The Paterno lawsuit stems from a flood on the Yuba River in 1986. In February of that year, a 150 foot gap opened in the levee, allowing approximately 20,000 acre feet of water to flood 7,000 acres of land in the communities of Linda and Olivehurst, in Yuba County. As a result, hundreds of homes and a shopping center in the area were flooded.

Subsequently, approximately 2,600 affected parties filed suit against the local reclamation district and the state. In 2001, a trial court ruled in favor of the state. However, in 2003 the California Court of Appeal ruled that the state was liable (and that the local reclamation district was not) and sent the case back to the trial court to award damages. The state appealed to the California Supreme Court which refused to hear the case.

The administration and the plaintiffs are in the process of negotiating a settlement, and appear to have reached a tentative agreement, with the state to pay the plaintiffs $464 million. While the court has not yet approved the settlement, the administration anticipates that a final settlement will be agreed to and approved by the court by the end of the current fiscal year.

Is a Judgment Bond the Only Option? While the administration proposed a $464 million judgment bond to pay the settlement in the Governor's January budget document, the Director of DOF has recently indicated that the administration would use this financing option only if it represents the least costly method to resolve the Paterno case. So, are there other alternatives available to the administration for paying the settlement?

There are two possibilities, although they entail their own limitations. First, the settlement could be fully paid off out of available resources in the budget year. As noted in Part I of our companion document, The 2005-06 Budget: Perspectives and Issues, we project that revenues will be $2.2 billion higher over the current and budget years combined as compared to the forecast reflected in the Governor's January budget. Some of those additional revenues could be used for the one-time purpose of funding the Paterno settlement. Funding the settlement in the budget year from the General Fund would eliminate the large costs of borrowing associated with debt financing. However, it would do so at the expense of other potential legislative priorities.

Second, there may be other ways to structure the payment of a lawsuit settlement beyond a lump-sum payment from the General Fund or issuing a bond and incurring debt. For example, in other lawsuits against the state, settlement payments to plaintiffs have been structured to be paid over multiple years. This allows the state to spread the costs over a few years, thereby reducing the burden on the General Fund in a single fiscal year. The total cost would still be higher due to interest, when compared to making a single lump-sum payment. However, these interest costs would likely be significantly less than a bond because the payment would be over a few years as compared to long-term debt financing which can typically be 30 years.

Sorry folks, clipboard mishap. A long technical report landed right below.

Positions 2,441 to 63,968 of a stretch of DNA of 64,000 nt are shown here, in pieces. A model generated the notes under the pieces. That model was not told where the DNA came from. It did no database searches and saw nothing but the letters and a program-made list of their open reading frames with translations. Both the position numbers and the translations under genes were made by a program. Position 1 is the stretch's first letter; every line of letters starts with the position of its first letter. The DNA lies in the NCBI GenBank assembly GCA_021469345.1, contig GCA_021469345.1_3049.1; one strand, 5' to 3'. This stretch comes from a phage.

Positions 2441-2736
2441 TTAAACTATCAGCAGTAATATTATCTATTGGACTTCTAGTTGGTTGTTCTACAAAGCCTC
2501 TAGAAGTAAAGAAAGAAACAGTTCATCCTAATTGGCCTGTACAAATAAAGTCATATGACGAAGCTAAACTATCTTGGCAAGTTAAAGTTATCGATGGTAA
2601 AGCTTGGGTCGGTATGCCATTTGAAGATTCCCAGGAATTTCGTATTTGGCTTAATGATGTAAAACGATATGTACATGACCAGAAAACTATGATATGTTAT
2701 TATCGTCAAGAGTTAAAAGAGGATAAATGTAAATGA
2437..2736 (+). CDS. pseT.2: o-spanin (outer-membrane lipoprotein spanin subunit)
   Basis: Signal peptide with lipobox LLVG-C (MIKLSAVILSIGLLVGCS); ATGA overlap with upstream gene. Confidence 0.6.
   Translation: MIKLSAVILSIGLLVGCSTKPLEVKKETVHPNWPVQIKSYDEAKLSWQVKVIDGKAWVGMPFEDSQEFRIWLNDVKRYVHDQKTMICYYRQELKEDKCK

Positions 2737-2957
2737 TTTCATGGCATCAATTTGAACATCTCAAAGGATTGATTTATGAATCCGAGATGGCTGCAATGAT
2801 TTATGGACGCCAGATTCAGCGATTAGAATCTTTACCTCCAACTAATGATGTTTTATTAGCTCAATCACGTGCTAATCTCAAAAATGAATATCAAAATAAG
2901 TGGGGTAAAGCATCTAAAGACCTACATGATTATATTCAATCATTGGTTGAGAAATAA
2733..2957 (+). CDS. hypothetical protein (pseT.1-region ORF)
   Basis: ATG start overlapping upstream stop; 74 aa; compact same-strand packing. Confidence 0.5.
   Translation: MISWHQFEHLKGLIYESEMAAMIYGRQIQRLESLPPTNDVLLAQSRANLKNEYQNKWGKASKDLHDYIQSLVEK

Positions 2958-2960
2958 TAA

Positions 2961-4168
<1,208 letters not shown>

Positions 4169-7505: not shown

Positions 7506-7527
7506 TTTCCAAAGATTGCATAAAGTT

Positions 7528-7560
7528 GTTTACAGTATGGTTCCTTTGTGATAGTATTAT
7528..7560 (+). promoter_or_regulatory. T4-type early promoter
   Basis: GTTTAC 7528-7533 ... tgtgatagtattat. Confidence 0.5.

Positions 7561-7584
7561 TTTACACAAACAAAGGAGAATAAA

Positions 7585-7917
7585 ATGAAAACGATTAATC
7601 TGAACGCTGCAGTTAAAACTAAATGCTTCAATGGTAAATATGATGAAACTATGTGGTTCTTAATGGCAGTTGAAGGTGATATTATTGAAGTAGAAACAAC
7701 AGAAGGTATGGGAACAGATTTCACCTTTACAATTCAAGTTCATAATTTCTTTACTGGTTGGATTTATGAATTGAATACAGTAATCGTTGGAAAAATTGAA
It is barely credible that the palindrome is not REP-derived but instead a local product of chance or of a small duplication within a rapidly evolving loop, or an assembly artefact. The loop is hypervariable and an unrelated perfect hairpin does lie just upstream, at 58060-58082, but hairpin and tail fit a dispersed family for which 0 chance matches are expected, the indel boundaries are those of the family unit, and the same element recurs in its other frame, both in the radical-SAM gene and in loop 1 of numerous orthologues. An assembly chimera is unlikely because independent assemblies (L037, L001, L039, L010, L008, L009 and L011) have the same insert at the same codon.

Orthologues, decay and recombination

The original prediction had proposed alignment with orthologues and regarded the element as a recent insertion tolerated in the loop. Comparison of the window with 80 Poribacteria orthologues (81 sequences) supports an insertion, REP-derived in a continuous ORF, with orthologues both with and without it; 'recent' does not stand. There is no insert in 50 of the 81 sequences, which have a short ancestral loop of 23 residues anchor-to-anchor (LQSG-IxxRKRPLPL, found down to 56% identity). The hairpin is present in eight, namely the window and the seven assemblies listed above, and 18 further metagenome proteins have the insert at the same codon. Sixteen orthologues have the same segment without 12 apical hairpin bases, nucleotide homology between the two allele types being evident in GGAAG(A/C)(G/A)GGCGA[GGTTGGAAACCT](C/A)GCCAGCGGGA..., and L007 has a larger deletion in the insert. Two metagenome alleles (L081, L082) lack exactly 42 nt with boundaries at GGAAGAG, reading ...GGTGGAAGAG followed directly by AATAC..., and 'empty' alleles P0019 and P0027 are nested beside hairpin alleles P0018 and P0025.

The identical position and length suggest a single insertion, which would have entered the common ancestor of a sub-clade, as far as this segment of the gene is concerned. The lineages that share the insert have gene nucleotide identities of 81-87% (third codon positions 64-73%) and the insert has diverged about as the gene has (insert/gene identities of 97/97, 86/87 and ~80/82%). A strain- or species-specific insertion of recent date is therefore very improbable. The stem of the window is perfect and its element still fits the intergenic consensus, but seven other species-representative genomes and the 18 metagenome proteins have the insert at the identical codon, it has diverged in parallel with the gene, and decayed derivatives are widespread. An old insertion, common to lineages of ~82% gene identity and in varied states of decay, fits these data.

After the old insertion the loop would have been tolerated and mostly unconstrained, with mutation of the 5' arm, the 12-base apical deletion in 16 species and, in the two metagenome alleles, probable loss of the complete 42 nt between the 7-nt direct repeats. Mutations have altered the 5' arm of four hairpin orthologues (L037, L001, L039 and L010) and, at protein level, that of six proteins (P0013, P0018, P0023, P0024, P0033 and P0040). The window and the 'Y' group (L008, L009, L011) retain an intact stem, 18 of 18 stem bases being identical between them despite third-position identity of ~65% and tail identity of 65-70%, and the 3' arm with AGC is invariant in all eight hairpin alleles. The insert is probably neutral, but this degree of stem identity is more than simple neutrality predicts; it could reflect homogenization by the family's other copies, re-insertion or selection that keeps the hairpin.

Issues for Legislative Consideration

If the administration decides to proceed with proposing a judgment bond to finance the settlement of the Paterno case, there are several legal, policy, and fiscal issues that the Legislature should consider in its evaluation of the judgment bond proposal.

Specifically, the main issues are:

We discuss each of these issues in the sections that follow.

Legal Issue—Would the Bond Require a Vote of the People? Legislative Counsel has indicated to us that a vote of the people would not be required for this type of financing instrument. Although there is no state case law directly involving a state-issued debt of this kind, state courts have found that local governments are exempt from the constitutional voting requirement for local government debt in instances where the debt is an obligation "imposed by law" that was not "voluntarily incurred." For example, bonds issued by the City of Long Beach and Los Angeles County to fulfill obligations imposed on them by a tort judgment and state law, respectively, have been validated by the courts as being exempt from the constitutional voting requirement for local government debt as obligations imposed by law. To the extent that the Paterno settlement would be considered an obligation imposed by law and not voluntarily incurred by the state, it is likely that the courts would find that the state is exempt from the constitutional voting requirement for state debt.

Legal Issue—Is Legislative Authorization Required? Based on discussions with Legislative Counsel, it appears that if the state were to proceed with issuing the judgment bond, it would be advisable for the Legislature to enact legislation authorizing its issuance, including the terms and structure of the bond. Such authorizing legislation is advisable because there are no statutory provisions in state law that explicitly authorize the issuance of a judgment bond or dictate how such a bond is to be structured.